Video Tutorial for Soundslice
In this Soundslice tutorial, I’ll go over different features in order of usefulness… I’m a big fan of Soundslice and I was glad to find it – and then discover that it is feature-rich and reliable on a variety of devices (mobile and desktop). Soundslice supports adjustable bpm playback, transposition, looping and even customizable playback instruments!
I write a lot of guitar and bass tabs for my private students. When I send a student their assignments (usually via email), I recommend they practice the tabs on repetition with a metronome. This is a great way to develop new skills on any instrument and tabs make it easier to convey performances to students who don’t read classical notation.
Then, I discovered Soundslice.com which allows students to practice EXACTLY the way I’ve always recommended – using a metronome, repeating with incrementally faster tempos (bpm). With Soundslice’s looping feature, students can target difficult passages more easily, too! But, I wish I’d had a good Soundslice tutorial to help me get started. So…
Let’s continue this Soundslice tutorial by looking beyond the most obvious features (that I described in the first video, above). Since Soundslice.com has many additional features loaded into the “Settings” panel, let’s start there. This panel is accessible from the “cog” icon in the lower right-hand corner and offers up a variety of awesome capabilities including:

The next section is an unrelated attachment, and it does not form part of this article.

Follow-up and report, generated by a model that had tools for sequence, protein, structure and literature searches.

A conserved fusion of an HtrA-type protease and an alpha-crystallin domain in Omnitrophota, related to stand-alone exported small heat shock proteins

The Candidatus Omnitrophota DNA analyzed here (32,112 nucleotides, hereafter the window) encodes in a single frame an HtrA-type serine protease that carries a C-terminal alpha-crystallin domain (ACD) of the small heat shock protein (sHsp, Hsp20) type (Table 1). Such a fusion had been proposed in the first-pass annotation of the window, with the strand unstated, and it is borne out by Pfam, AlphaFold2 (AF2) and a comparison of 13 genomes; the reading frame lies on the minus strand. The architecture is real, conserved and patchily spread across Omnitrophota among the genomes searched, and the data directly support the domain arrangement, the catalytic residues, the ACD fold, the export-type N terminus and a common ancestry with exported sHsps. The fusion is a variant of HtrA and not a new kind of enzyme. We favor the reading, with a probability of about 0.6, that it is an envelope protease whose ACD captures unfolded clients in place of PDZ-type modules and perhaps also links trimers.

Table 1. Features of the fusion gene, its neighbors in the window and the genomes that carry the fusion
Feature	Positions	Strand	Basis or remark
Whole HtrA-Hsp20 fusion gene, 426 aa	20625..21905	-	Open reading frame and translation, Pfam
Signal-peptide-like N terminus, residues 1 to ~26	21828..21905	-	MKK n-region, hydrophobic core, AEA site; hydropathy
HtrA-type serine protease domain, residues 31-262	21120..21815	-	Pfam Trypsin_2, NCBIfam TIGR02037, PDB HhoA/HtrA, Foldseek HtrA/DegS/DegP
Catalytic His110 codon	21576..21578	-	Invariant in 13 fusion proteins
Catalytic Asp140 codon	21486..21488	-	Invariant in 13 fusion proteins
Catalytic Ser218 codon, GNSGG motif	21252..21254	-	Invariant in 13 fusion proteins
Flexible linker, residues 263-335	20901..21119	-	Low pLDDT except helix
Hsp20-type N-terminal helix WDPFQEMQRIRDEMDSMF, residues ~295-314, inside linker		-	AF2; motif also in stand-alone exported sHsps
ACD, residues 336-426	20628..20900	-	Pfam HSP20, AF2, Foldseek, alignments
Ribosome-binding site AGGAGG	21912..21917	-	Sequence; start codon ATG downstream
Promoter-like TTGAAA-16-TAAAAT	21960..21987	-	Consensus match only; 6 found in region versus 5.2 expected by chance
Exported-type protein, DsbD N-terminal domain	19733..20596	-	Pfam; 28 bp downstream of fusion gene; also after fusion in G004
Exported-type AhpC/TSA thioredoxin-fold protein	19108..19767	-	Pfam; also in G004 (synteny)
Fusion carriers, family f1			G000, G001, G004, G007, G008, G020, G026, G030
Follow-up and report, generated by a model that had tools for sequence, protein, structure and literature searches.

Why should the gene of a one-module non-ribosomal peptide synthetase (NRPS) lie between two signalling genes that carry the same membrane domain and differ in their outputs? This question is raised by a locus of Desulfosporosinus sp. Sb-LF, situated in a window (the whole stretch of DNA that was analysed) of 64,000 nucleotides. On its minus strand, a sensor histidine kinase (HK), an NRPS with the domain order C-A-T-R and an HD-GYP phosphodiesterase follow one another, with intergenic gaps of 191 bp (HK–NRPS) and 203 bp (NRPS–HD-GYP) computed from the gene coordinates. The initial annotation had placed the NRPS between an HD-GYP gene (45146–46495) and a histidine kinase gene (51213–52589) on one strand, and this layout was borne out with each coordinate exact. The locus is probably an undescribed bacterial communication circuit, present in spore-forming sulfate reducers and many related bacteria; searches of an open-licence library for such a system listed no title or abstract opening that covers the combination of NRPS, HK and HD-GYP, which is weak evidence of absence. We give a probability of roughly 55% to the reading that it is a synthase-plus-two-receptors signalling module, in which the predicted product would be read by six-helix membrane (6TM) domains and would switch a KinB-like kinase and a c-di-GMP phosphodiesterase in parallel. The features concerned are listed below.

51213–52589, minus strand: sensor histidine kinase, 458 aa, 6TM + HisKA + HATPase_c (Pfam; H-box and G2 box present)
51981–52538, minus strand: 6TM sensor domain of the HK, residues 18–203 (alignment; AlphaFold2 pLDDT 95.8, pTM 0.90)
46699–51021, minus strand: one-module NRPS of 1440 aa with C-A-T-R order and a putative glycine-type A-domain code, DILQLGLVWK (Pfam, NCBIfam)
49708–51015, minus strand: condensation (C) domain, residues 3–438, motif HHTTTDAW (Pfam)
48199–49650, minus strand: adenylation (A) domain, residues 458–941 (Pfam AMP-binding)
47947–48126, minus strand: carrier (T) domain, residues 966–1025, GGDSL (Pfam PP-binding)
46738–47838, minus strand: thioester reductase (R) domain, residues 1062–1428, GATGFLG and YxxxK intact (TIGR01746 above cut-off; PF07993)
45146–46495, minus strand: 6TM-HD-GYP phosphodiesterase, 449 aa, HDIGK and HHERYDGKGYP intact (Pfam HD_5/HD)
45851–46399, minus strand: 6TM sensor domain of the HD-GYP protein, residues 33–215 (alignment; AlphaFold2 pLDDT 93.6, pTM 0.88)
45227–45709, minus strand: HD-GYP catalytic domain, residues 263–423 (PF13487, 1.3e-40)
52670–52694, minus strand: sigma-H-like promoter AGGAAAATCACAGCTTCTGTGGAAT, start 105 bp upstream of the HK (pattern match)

- Full Screen
Soundslice has realtime fretboard and keyboard animations that will visually represent the frets/keys to play as you follow the tab or notation. This feature is reliable on mobile devices as well as desktop browsers and can be a big help to beginners. There’s also the ability to open a track mixer and set volume levels for each instrument (Yes, Soundslice supports multiple tracks!) as well as your metronome volume. Students can also customize different instruments for playback and left handed players can switch the orientation of the fretboard animations.